? et al. 348 R. Savic visualize both the phospholipid micelles and the incorporated quantum dots. Lastly, polymers can be labeled with radioactive probes to allow the quantitative analyses of the polymer distribution in vivo in animals (Araujo et al. 1999) and in humans (Batrakova et al. 2004). Regardless of the approach used, the goal is to understand the fate of both the delivery vehicle and of the incorporated drug. Following the drug is critical in comparing the distribution and effectiveness pro?les of free and delivered drugs. The fate of both the micelles and the drugs can be discerned (Scheme 3) if labeled micelles are combined with differently labeled micelle-incorporated drugs. Relying on labeled drug alone (Scheme 3A) carries with it the risk of mistaking the localization of the released drug for that of the micelles. In a similar manner, cellular adhesion could be mistaken for cellular internalization of the delivery vehicle if only the amount of the drugs within cells is measured (De et al. 2005). For example, as demonstrated by De at al. (2005) particles of increasing size loaded with paclitaxel or etoposide both exhibited increased amount of drug delivered to cells when larger particles were used. However, the adhesion of larger particles, rather than their cell uptake, contributed to the observed greater amounts of the drug in the cells (De et al. 2005). Hence, the delivery vehicle must be labeled and followed separately (Scheme 3B). Quantitative analyses of ?uorescence interactions between the two ?uorophores by FRET and FLIM (Emptage 2001; Wallrabe and Periasamy 2005) may provide additional, presently unexploited, opportunities to investigate where and when is the drug released. Determinants of the internalization of block copolymer micelles Present research suggests a signi?cant involvement of endocytosis in the internalization of micelles but the mechanistic details remain to be elucidated. There is no doubt that the internalization of micelles is a time, energy, temperature and concentration dependent process (Kabanov et al. 1992; Liaw et al. 1999; Allen et al. 1999b), with involvement of clathrin mediated endocytosis (Luo et al. 2002; Mahmud and Lavasanifar 2005). However, the unimers, types of block copolymers used and cell lines in which the studies are carried out all play a role in the internalization of micelles and their interaction with cells. Pluronicw micelles have been the most studied block copolymer micelle delivery vehicles to date (Kabanov and Alakhov 2002; Kabanov et al. 2002b). The known interactions of Pluronicw block copolymers with cells include inhibition of P-gp drug ef?ux transporters (Venne et al. 1996) and preferred energy depletion in MDR expressing cells (Batrakova et al. 2001), by, at least in part, interfering with the electron transport chain in the mitochondria (Rapoport et al. 2000) and by membrane ?uidization (Melik-Nubarov et al. 1999; Batrakova et al. 2001; Krylova and Pohl 2004; Demina et al. 2005). These interactions contribute to the sensitisation of tumor cells to anticancer drugs and are observed below CMC, i.e. they are attributed to the action of Pluronicw unimers (Kabanov et al. 2002b). Conversely, a series of chemically different (PCL – b– PEO) diblock copolymers increased the accumulation of rhodamine-123 (P-gp substrate) above the CMC (Zastre et al. 2002). The exact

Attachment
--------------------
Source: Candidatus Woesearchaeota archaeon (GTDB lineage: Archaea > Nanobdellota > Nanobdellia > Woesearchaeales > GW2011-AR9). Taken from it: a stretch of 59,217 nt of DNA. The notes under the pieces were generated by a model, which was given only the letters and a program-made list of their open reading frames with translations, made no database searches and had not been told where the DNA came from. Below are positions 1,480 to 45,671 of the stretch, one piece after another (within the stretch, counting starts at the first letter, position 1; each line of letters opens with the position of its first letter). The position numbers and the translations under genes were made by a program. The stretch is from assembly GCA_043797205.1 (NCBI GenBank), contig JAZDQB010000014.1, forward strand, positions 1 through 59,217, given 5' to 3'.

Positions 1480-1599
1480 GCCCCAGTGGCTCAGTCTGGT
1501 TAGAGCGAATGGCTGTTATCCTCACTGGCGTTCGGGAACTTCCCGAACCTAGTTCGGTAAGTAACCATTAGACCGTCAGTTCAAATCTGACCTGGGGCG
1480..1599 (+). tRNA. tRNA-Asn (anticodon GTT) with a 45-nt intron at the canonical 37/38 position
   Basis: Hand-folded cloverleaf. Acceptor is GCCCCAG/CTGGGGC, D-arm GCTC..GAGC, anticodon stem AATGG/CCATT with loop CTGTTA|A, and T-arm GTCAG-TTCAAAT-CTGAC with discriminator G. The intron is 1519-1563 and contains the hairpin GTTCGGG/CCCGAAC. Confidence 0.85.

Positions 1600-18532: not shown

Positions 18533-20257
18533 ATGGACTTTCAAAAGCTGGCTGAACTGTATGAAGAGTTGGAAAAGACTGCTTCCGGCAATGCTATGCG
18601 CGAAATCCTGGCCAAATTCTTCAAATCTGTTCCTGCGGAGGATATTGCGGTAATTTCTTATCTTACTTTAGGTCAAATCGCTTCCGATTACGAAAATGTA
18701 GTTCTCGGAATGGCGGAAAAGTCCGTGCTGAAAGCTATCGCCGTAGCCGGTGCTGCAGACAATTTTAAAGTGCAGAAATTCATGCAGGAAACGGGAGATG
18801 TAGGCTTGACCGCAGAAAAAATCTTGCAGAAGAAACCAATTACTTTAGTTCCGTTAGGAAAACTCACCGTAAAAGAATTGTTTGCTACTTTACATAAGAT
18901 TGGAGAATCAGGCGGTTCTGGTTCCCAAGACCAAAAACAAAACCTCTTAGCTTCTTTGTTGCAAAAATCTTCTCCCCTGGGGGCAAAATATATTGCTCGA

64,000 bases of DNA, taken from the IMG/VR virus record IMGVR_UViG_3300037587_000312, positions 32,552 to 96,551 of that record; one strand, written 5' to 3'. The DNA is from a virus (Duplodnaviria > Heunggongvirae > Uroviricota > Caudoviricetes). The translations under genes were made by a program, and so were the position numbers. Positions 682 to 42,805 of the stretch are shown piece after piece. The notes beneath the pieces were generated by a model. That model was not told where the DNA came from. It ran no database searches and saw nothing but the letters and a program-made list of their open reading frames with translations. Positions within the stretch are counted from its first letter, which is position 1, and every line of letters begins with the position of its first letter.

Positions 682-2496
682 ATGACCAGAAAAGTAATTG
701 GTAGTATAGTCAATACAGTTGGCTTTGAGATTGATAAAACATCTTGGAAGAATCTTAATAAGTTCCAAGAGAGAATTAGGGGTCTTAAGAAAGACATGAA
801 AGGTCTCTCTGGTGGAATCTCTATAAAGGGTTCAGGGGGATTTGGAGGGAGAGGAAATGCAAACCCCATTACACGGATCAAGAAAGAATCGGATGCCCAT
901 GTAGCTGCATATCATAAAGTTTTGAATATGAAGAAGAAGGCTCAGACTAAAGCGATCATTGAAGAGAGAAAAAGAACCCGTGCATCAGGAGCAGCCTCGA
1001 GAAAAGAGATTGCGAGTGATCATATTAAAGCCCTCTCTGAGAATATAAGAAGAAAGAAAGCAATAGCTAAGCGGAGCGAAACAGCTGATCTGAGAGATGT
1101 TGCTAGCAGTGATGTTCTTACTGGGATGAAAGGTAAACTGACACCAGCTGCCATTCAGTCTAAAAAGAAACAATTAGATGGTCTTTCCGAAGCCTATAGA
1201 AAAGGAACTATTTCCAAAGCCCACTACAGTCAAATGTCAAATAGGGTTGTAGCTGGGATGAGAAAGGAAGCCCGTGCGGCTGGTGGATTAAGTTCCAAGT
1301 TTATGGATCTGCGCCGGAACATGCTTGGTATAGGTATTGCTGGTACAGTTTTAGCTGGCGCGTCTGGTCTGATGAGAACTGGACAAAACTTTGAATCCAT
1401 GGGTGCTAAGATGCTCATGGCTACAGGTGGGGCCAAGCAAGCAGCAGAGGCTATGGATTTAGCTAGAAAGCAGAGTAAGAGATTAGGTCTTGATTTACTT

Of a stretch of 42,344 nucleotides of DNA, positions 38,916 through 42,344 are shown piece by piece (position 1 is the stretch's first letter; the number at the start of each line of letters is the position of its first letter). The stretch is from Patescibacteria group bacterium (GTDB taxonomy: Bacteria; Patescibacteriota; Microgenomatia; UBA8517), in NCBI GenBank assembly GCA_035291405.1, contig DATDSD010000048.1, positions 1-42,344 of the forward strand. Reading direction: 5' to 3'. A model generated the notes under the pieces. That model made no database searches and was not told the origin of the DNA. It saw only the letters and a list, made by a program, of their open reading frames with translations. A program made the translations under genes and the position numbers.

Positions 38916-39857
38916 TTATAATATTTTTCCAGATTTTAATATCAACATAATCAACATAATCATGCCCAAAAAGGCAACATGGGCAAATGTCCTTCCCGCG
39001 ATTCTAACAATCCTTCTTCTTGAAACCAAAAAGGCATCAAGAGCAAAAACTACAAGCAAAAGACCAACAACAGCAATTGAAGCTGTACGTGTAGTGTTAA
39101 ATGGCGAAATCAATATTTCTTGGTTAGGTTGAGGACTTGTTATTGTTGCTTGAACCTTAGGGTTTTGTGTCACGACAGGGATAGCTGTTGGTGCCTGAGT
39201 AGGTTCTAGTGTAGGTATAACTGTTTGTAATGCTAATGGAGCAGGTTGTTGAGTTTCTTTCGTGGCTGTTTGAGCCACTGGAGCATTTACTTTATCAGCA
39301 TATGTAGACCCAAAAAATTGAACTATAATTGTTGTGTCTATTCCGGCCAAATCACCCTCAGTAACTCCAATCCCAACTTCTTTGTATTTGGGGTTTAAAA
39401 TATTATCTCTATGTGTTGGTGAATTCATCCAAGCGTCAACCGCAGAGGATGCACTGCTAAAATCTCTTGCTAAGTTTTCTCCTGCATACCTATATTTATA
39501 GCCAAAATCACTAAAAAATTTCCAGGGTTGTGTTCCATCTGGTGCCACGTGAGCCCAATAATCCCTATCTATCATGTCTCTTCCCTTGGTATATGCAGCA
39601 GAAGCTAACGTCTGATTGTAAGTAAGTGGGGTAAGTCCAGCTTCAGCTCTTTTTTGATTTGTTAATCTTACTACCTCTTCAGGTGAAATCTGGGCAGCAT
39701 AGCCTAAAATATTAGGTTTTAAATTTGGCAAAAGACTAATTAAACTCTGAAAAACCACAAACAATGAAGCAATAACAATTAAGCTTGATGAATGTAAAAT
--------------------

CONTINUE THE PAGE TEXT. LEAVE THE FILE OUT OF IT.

Scheme 3. Fluorescence-based approach to study the subcellular fate of micelles and incorporated agents.